It is possible to mould the idea of using one device to charge another for different kinds of applications that require power, including cellphones and electric vehicles.
Ever since cellphones were launched, we have been using mostly wired chargers for charging the devices. On several occasions, I, like many others, have wished that there were no cables, or power could be transferred from another charged device in emergency situations, especially while travelling.
Wireless charging is one such innovative idea that manufacturers have tried to break through for years to compete with each other. Wireless and reverse wireless charging (also called device-to-device charging or wireless power share) have now entered the commercial market.
For wireless charging, wireless chargers and Wireless Power Consortium (WPC) Qi add-ons are necessary. Many new variations to suit different applications are coming up in the wireless charging market. Uncoupled wireless charging can charge through walls and is suitable for greater distances like in offices and other similar places.
For example, approved by Federal Communications Commission (FCC), US-based company Ossia’s Forever Tracking chargers aim to wirelessly charge several Internet of Things (IoT) devices from about five metres, or even further away, using radio frequency (RF). Devices can be managed through the cloud platform of the organisation. Unlike generic wireless chargers, this technology does not require charging pads. Such technologies could cater to the needs of logistics firms during transportation. According to a research report by Market Research Inc., the wireless charging market is expected to grow at a CAGR of more than 35 per cent, from 2019 to 2025.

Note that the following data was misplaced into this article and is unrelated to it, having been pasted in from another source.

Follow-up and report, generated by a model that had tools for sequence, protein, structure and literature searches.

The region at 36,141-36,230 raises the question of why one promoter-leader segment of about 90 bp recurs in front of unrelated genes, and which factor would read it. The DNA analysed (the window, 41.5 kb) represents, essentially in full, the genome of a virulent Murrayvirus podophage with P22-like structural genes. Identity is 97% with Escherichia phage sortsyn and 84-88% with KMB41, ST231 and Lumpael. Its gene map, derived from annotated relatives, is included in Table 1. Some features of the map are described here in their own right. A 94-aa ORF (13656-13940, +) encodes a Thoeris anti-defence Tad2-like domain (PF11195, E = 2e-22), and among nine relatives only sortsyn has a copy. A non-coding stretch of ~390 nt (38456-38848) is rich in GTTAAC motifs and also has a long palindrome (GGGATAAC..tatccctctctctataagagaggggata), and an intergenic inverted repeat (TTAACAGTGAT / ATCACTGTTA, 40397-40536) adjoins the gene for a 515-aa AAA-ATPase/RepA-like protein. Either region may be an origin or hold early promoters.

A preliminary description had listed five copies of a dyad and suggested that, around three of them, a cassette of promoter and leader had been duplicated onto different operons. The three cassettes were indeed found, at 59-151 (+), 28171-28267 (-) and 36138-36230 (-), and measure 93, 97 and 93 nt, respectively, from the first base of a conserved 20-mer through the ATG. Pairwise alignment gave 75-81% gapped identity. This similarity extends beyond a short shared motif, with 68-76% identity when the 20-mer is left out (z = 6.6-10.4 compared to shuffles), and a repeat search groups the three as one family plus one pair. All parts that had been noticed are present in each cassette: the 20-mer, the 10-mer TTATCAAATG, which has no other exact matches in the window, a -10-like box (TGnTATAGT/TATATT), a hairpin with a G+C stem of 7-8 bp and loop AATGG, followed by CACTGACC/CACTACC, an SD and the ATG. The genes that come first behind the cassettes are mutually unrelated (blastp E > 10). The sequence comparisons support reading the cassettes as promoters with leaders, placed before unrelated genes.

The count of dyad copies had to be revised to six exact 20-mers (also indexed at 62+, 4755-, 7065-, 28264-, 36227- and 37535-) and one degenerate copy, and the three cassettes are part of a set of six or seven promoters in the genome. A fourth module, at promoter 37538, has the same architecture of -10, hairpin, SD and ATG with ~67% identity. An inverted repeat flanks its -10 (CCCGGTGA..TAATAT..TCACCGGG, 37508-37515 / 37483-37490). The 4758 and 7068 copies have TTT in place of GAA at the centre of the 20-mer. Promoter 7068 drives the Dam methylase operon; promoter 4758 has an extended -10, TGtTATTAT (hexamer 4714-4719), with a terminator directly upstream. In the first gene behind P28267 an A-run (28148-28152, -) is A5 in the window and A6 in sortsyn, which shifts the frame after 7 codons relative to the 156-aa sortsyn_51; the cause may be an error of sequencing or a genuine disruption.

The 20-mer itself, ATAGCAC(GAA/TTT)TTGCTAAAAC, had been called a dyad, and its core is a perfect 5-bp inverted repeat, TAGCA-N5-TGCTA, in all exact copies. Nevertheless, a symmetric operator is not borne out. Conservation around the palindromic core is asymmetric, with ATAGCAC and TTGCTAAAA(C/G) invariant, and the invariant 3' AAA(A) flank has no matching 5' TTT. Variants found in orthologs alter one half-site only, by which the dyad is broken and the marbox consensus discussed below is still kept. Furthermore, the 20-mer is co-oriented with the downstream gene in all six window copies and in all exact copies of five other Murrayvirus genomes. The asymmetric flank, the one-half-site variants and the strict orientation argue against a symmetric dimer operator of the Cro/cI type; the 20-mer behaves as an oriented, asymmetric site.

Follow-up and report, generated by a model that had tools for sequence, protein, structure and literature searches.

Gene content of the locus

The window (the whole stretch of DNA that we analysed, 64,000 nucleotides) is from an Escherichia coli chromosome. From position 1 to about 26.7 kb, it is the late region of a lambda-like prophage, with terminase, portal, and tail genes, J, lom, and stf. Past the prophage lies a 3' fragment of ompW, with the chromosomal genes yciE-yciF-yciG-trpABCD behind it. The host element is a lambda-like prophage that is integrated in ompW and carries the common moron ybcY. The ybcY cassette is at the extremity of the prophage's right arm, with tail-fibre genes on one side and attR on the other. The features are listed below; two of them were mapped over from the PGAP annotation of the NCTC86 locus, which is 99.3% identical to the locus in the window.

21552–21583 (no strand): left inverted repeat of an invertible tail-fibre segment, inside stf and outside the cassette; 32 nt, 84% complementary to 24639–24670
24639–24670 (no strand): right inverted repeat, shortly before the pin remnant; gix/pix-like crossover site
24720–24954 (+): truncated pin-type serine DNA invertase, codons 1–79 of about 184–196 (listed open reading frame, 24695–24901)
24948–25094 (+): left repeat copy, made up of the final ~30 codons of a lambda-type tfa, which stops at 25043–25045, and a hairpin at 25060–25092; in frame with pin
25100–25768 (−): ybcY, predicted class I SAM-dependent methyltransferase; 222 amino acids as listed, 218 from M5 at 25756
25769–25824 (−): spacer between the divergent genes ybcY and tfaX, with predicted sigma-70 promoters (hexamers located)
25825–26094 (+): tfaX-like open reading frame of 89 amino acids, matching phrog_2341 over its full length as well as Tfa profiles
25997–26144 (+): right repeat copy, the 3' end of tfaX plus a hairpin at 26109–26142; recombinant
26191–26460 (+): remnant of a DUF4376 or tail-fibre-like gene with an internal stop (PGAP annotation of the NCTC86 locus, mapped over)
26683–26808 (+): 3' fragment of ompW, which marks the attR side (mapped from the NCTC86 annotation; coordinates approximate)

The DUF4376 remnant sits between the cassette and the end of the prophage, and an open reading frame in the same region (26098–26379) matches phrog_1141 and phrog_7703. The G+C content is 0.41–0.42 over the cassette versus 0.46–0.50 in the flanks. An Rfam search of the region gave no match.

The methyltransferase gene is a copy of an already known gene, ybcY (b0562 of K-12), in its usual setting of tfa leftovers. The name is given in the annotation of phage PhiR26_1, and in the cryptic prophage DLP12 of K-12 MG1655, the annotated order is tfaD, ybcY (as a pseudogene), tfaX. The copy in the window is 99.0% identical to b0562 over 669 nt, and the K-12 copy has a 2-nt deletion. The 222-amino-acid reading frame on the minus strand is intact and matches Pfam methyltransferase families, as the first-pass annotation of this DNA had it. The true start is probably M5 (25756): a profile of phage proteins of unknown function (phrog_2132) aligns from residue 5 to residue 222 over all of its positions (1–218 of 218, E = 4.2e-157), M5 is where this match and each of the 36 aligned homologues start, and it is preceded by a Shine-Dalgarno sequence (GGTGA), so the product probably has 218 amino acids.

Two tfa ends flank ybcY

Wireless phone charging feature can also be seen in cars on a wide scale these days. ZeeHoo wireless charger is one such device.
Despite all these developments, Qi wireless charging is still in its nascent stage and not as fast as quick charge technology. This is gradually expected to change, as seen from Huawei Mate 30 launch, whose reverse wireless charging speed is several times that of pre-existing phones.
In reverse wireless charging, an induction coil is present inside the phone that enables it to act as a charging station and transfer energy via electromagnetic induction to the receiver. For instance, devices like Huawei Mate 20 Pro, Huawei Mate 30 Pro, Samsung Galaxy S10 and Samsung Galaxy Note 10+ offer this low-power solution and sizeable battery capacities to charge other Qi-compatible products including other smartphones, cameras, smartwatches, wireless headphones and so on. Different devices from various brands charge at different speeds.
Before activating this feature, protective covers and other accessories, particularly metal objects, need to be detached from both devices for proper working. Both devices need to be turned on. When the recipient device is paired back-to-back with the source device in a way that charging coils present inside them get aligned for proper connection, power starts getting transferred on its own. In some cases, multiple induction coils are present to ensure that the battery gets charged irrespective of the position of devices.
The screen confirms once the devices have connected and an LED indicator shows when the recipient phone begins charging, in most cases. Once required power is transferred, the devices can be separated. Only one recipient device can be charged at a time.
Source devices have a depletion limit on how much energy they can output from their batteries, such as disabling the option below twenty per cent.
Backs of source and recipient devices must be free from dust, dirt or moisture. Also, these should not be placed on a metal surface while charging. Charging efficiency depends on distance between coils, and condition of the devices or that of the surrounding environment. Charge transfer can also be done while the source phone is getting charged.
It is possible to mould the idea of using one device to charge another for different kinds of applications that require power. To understand the implications, take the example of US-based electric vehicle (EV) startup Rivian that plans to have a vehicle-to-vehicle (V2V) charging feature for its R1T and R1S models, in addition to auxiliary battery packs. However, it is yet to be seen how decentralised charging of this sort impacts the automobile sector.